Free thyroxine Thyroxine (T4) is one of two hormones produced by the thyroid gland. It works to speed up the rate of your metabolism. Most T4 is bound to carrier proteins in the blood - it is only the free, or unbound, T4 that is active in the body, which is measured in this test. Free T4 is the less active of the two main thyroid hormones. To have an impact on your cells it needs to convert to the more active T3 when your body needs it.

How to prepare
for your test

Special Instructions

Prepare for your Thyroid Function Blood Test by following these instructions. Please take your sample before 10am. You should take this test before you take any medication or vitamin/mineral supplements. Do not take biotin supplements for two days before this test, discuss this with your doctor if it is prescribed.

Frequently asked questions

What is the thyroid?

The thyroid is a butterfly shaped gland that sits under your Adam’s apple. It produces thyroid hormones which help to regulate your metabolism. Sometimes, the thyroid produces too many hormones, leading to an overactive thyroid (hyperthyroidism), or too few, leading to an underactive thyroid (hypothyroid).

Have a look at our Thyroid Health Guide for how your thyroid could hold the answers to better skin, losing weight and regaining your energy.

What is thyroid disease and who is at risk?

As many as 1 in 20 people are thought to have a thyroid disorder. There are a number of different conditions that can affect the normal functioning of the thyroid, including an underactive thyroid (hypothyroid), an overactive thyroid (hyperthyroidism)autoimmune disease, thyroid swelling (or a goitre), nodules or thyroid cancer.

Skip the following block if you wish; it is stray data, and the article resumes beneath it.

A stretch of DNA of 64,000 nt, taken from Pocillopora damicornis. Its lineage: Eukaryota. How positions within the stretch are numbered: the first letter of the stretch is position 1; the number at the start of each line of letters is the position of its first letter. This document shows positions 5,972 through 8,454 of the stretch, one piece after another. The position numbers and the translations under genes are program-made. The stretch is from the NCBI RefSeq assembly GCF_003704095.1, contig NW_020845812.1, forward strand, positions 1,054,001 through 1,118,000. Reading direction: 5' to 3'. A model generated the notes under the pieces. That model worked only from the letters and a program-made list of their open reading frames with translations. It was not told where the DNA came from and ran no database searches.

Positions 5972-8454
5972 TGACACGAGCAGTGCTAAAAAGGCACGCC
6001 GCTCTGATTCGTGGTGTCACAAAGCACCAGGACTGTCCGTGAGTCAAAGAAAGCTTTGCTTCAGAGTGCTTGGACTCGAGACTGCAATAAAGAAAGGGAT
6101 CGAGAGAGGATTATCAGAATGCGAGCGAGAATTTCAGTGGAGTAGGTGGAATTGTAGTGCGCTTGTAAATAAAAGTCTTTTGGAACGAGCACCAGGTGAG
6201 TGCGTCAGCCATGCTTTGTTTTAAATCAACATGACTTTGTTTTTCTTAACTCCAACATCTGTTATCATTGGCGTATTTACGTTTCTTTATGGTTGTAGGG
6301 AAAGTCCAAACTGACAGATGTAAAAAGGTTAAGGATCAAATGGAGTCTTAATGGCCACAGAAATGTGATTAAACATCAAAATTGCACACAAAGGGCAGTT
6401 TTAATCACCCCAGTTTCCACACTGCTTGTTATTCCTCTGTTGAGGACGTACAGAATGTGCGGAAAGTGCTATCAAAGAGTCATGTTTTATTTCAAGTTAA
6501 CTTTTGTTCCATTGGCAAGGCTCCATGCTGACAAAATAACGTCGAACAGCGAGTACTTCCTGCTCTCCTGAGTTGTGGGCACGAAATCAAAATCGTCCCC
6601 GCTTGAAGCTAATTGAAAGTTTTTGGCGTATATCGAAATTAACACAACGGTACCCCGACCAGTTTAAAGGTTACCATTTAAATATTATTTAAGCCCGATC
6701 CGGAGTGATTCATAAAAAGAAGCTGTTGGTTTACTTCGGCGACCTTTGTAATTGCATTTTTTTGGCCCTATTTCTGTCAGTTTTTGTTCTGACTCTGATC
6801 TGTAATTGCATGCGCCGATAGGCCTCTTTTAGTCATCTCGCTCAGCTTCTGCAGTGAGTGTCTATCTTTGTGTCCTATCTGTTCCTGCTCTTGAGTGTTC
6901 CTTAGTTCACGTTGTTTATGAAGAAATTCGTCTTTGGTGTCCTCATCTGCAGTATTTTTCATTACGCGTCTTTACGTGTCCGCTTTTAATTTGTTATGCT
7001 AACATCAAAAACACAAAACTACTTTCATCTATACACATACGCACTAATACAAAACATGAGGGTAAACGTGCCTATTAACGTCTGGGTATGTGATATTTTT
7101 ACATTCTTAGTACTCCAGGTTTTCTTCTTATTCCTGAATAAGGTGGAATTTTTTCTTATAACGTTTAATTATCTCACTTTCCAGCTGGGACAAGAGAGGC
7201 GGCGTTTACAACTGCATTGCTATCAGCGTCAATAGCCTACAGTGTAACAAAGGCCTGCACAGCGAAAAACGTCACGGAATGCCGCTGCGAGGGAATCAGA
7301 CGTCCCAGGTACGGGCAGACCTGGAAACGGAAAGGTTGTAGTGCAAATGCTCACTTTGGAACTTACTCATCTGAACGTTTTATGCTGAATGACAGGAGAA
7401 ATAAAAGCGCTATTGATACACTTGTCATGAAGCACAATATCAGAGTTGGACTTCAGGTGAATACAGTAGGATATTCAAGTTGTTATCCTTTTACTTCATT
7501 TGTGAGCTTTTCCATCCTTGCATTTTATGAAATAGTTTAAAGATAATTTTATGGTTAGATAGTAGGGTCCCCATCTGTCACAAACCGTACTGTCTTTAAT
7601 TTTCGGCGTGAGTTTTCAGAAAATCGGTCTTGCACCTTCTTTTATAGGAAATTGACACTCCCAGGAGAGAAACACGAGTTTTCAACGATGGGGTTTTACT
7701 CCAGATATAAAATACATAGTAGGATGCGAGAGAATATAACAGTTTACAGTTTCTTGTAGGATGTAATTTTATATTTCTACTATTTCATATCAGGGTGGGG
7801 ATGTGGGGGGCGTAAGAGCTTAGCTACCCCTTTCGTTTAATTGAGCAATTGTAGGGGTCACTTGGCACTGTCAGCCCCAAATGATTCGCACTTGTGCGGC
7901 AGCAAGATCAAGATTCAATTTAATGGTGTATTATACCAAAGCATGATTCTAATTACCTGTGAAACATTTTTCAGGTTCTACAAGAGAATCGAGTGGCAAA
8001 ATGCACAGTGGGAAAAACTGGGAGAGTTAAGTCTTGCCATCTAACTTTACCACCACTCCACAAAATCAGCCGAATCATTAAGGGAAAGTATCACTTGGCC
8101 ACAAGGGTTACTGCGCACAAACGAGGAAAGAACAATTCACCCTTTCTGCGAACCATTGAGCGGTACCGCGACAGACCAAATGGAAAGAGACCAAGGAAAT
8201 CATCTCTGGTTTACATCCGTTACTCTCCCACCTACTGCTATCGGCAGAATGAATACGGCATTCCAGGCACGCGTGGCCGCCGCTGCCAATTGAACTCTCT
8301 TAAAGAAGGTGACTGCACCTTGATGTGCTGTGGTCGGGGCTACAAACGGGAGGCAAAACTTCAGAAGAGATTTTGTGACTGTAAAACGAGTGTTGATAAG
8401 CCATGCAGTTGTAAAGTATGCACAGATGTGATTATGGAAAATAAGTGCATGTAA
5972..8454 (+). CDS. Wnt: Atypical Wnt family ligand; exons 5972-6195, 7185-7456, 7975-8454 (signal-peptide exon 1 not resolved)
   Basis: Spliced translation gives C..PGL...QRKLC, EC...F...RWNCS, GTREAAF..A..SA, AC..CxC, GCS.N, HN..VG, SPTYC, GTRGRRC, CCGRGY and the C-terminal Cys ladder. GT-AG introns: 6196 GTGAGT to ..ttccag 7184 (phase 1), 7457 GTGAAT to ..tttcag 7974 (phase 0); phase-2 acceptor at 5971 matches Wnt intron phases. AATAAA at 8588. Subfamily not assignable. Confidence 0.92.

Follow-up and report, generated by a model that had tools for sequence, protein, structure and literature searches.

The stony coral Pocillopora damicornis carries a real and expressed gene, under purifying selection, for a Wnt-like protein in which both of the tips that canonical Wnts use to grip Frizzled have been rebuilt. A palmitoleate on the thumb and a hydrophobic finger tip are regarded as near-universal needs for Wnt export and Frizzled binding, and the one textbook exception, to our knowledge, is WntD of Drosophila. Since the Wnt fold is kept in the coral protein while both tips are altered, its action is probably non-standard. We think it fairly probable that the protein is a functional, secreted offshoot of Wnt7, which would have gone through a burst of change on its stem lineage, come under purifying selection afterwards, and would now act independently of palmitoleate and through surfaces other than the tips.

Although anyone can develop a thyroid disorder, factors including being female or over the age of 50, and people with a family history of thyroid problems, can increase an individual’s risk of developing thyroid disease.

How often should I get a thyroid test?

How often you should take a thyroid test will depend on whether you have been diagnosed with a thyroid disorder and, importantly, whether you are experiencing symptoms.You may want to take a thyroid test if you are experiencing symptoms of an overactive or underactive thyroid or if you are managing a thyroid condition. Our Thyroid Health Guide explains what frequency of testing may be right for you, depending on your results and symptoms.

Can I test my thyroid during pregnancy?

You can test your thyroid during pregnancy as it’s important to have a well-controlled thyroid for the healthy development of the baby. If you have a thyroid condition and are planning to conceive, or when find out you’re pregnant, let your GP know so they can monitor you or take your thyroid test results to your doctor.

Thyroid results during pregnancy:

  • Underactive thyroid during pregnancy – TSH level should be less than 2.5 mU/l in the first trimester and less than 3.0 mU/l in the second and third trimesters.
  • Overactive thyroid during pregnancy - doses may be adjusted through regular monitoring.